Aleph, Beth, Continuum

Georg Cantor developed a remarkable theory of infinite sets. He was the first person to show that not all infinite sets are created equal. The number of elements in a set is indicated by its cardinality. Two sets with the same cardinal number are “the same size”. For two finite sets, if there is a one-to-one correspondence — or bijection — between them, they have the same number of elements. Cantor extended this equivalence to infinite sets.

We denote the cardinality of a set {A} by {||A||}. Any two sets {A} and {B} are equinumerate if there is a bijection between them. This term is introduced because such sets may not be “the same size” in the usual sense: Galileo showed, long ago, that there is a bijection between the natural numbers and the even numbers: just map {n} to {2n}. We can write this as {||\mathbb{N}|| = ||2\mathbb{N}||}.

Cantor showed that there is an infinite hierarchy of infinities. Here is how he did it: the power set {P(A)} of any set {A} is the set whose elements are all the subsets of {A}. Cantor showed that there is no bijection between {A} and {P(A)}, so that {||A|| < ||P(A)||}.

We can continue the process of forming power sets indefinitely, to get the sequence

\displaystyle ||A|| < ||P(A)|| < ||P(P(A))|| < \cdots

an unlimited hierarchy of infinite cardinal numbers.

Cantor used the symbol {{\aleph}_0} to denote the cardinality of the natural numbers ({\aleph} is the first letter of the Hebrew alphabet). He also showed that the set of real numbers {\mathbb{R}} and the power set of {\mathbb{N}} are equinumerous:

\displaystyle ||\mathbb{R}|| = || P(\mathbb{N})|| = 2^{\aleph_0}

What is {\aleph_1}?

Is there a smallest cardinal number greater than {\aleph_0}? Cantor showed that, for any fixed universal set {U}, the set of cardinals of the subsets of {U} is well-ordered under the natural ordering. Thus, every set of cardinals has a smallest element. He denoted by {\aleph_1} the smallest uncountable cardinal, that is, the smallest cardinal greater than {\aleph_0}. Continuing, he defined {\aleph_2} to be the smallest cardinal greater than {\aleph_1}, and so on:

\displaystyle \aleph_0 < \aleph_1 < \aleph_2 < \cdots \ \ \ \ \ (1)

Cantor also defined another sequence of cardinals: using {\beth} (the second letter of the Hebrew alphabet), he defined

\displaystyle \beth_0 = ||\mathbb{N}||\,, \quad \beth_1= ||P(\mathbb{N})||\,, \quad \beth_2= ||P(P(\mathbb{N}))|| \,, \quad \cdots

All the {\beth}-numbers are distinct. We see that {\beth_0 = \aleph_0} and {\beth_1 = 2^{\aleph_0} = ||\mathbb{R}||}. There is an unlimited sequence:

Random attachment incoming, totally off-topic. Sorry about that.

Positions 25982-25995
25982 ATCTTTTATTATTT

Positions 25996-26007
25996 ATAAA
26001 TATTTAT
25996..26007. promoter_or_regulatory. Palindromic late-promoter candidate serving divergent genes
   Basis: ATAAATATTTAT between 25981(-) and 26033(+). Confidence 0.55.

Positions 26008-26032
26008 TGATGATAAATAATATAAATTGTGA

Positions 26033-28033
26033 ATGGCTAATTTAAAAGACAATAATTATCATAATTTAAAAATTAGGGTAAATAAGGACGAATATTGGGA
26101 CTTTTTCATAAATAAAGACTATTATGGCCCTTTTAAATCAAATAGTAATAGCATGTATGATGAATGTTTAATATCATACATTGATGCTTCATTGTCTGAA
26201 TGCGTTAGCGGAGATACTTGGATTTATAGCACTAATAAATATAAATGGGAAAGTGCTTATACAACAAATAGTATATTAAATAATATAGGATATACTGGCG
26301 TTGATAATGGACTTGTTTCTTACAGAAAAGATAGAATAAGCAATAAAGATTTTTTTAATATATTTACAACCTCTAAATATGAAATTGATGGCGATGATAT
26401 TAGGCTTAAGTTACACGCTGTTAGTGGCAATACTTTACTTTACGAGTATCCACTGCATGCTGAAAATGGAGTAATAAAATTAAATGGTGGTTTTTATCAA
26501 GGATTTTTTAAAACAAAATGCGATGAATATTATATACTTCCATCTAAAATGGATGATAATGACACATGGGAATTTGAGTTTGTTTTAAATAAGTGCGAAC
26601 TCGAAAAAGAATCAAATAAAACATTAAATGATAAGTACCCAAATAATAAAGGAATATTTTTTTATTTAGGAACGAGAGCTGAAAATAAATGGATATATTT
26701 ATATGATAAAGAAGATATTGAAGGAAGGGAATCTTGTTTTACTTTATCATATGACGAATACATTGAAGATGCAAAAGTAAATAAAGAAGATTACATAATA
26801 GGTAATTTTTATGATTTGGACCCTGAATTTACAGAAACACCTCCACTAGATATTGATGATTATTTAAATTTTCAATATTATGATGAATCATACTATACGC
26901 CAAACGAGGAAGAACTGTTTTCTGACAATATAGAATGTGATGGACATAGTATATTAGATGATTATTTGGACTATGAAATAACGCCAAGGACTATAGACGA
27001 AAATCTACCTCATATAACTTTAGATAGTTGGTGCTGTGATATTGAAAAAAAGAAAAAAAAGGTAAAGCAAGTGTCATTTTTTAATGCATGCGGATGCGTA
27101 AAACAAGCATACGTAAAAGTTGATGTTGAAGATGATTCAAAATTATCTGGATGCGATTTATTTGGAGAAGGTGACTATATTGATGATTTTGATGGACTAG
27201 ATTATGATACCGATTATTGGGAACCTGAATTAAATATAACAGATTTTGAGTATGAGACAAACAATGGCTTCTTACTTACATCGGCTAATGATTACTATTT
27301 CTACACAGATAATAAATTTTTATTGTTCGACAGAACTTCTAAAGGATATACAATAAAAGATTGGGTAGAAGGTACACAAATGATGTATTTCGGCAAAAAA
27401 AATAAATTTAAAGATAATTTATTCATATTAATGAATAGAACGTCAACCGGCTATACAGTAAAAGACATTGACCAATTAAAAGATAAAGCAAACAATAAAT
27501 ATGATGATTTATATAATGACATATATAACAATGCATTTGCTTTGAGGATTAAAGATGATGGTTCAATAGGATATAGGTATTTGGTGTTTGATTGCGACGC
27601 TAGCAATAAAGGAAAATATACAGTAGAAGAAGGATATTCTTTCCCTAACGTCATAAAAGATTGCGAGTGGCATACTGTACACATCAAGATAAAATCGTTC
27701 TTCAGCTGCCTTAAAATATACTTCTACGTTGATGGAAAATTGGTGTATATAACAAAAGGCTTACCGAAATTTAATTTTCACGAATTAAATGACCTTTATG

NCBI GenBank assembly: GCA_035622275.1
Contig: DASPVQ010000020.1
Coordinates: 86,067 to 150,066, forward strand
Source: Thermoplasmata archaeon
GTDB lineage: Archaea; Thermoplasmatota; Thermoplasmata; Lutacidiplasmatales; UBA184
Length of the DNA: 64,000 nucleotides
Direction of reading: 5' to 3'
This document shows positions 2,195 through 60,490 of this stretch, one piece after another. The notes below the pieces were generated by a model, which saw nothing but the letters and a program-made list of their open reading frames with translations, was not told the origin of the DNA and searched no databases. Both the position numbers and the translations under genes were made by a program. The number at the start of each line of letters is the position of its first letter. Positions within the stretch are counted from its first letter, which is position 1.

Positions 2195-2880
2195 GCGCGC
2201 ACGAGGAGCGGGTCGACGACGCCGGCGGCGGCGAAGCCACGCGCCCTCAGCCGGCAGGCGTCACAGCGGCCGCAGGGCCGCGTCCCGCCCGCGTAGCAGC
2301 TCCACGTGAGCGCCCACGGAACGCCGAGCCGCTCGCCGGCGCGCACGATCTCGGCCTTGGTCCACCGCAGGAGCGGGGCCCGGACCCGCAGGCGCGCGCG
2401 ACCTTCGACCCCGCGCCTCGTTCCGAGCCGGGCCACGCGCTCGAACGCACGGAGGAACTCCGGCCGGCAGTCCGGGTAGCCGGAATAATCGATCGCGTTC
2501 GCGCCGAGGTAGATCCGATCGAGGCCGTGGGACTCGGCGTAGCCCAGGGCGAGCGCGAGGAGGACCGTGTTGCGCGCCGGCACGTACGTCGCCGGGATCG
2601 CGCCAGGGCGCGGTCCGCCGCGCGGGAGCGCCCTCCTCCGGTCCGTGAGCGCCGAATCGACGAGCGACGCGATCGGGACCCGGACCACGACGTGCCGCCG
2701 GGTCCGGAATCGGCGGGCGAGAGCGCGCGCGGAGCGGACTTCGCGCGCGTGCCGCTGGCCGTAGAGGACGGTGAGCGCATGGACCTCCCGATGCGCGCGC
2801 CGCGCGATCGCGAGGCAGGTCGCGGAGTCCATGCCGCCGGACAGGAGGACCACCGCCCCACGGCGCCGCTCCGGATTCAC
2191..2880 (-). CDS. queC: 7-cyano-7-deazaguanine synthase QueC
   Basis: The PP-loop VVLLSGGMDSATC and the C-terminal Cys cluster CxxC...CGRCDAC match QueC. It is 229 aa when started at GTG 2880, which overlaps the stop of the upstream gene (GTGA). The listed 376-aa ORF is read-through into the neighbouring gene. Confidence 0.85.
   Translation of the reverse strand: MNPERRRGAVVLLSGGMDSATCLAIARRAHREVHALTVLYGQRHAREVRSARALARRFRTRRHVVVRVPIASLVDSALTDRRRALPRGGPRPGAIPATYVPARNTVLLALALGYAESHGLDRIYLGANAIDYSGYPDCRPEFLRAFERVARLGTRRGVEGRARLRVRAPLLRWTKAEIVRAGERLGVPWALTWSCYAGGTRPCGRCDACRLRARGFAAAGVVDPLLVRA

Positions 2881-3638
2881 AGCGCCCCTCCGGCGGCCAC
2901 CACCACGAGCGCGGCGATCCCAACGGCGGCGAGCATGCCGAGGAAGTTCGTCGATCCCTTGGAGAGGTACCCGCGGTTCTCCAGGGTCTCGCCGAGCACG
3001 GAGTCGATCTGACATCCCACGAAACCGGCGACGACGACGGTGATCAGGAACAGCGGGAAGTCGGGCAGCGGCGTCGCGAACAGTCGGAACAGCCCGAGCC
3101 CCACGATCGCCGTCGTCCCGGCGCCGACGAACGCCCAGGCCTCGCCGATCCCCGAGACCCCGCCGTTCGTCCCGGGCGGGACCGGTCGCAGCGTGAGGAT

\displaystyle \beth_0 < \beth_1 < \beth_2 < \cdots \ \ \ \ \ (2)

How are {\aleph_n} and {\beth_n} related?

It would be beautiful if we could show that {\aleph_n = \beth_n}. Cantor struggled valiantly to prove this, but was unsuccessful. The Continuum Hypothesis (CH) posits that there is no cardinal number between {\beth_0 = ||\mathbb{N}||} and {\beth_1 = ||P(\mathbb{N})||}. CH implies that {\beth_1} is the smallest uncountable cardinal or, symbolically

\displaystyle \beth_1 = \aleph_1

The proof of CH was the first problem on David Hilbert’s famous list of 23 problems presented in 1900. In 1938, Kurt Gödel proved that CH is consistent with the usual axioms of set theory. Twenty-five years later, Paul Cohen proved that the negation of CH is also consistent with these axioms. Thus, CH is independent of the other axioms: we are free to assume that it is true or that it is false.

The Generalized Continuum Hypothisis states that, for every ordinal number {\nu},

\displaystyle \beth_\nu = \aleph_\nu

This implies that the sequences (1) and (2) are identical. We could write it in symbolic form:

\displaystyle [ \aleph = \beth ] \equiv \mathbf{GCH}

The choice to accept or reject CH (or GCH) is reminiscent of the freedom to accept or reject the parallel postulate. This choice leads us to the riches of elliptic and hyperbolic geometry. We can view the freedom to take or leave CH in an equally positive light.

Sources

{\bullet} Bajnok, Béla, 2013: An Invitation to Abstract Mathematics. Springer, 406pp [Chapter 22]. ISBN: 978-1-4899-9560-5.

 


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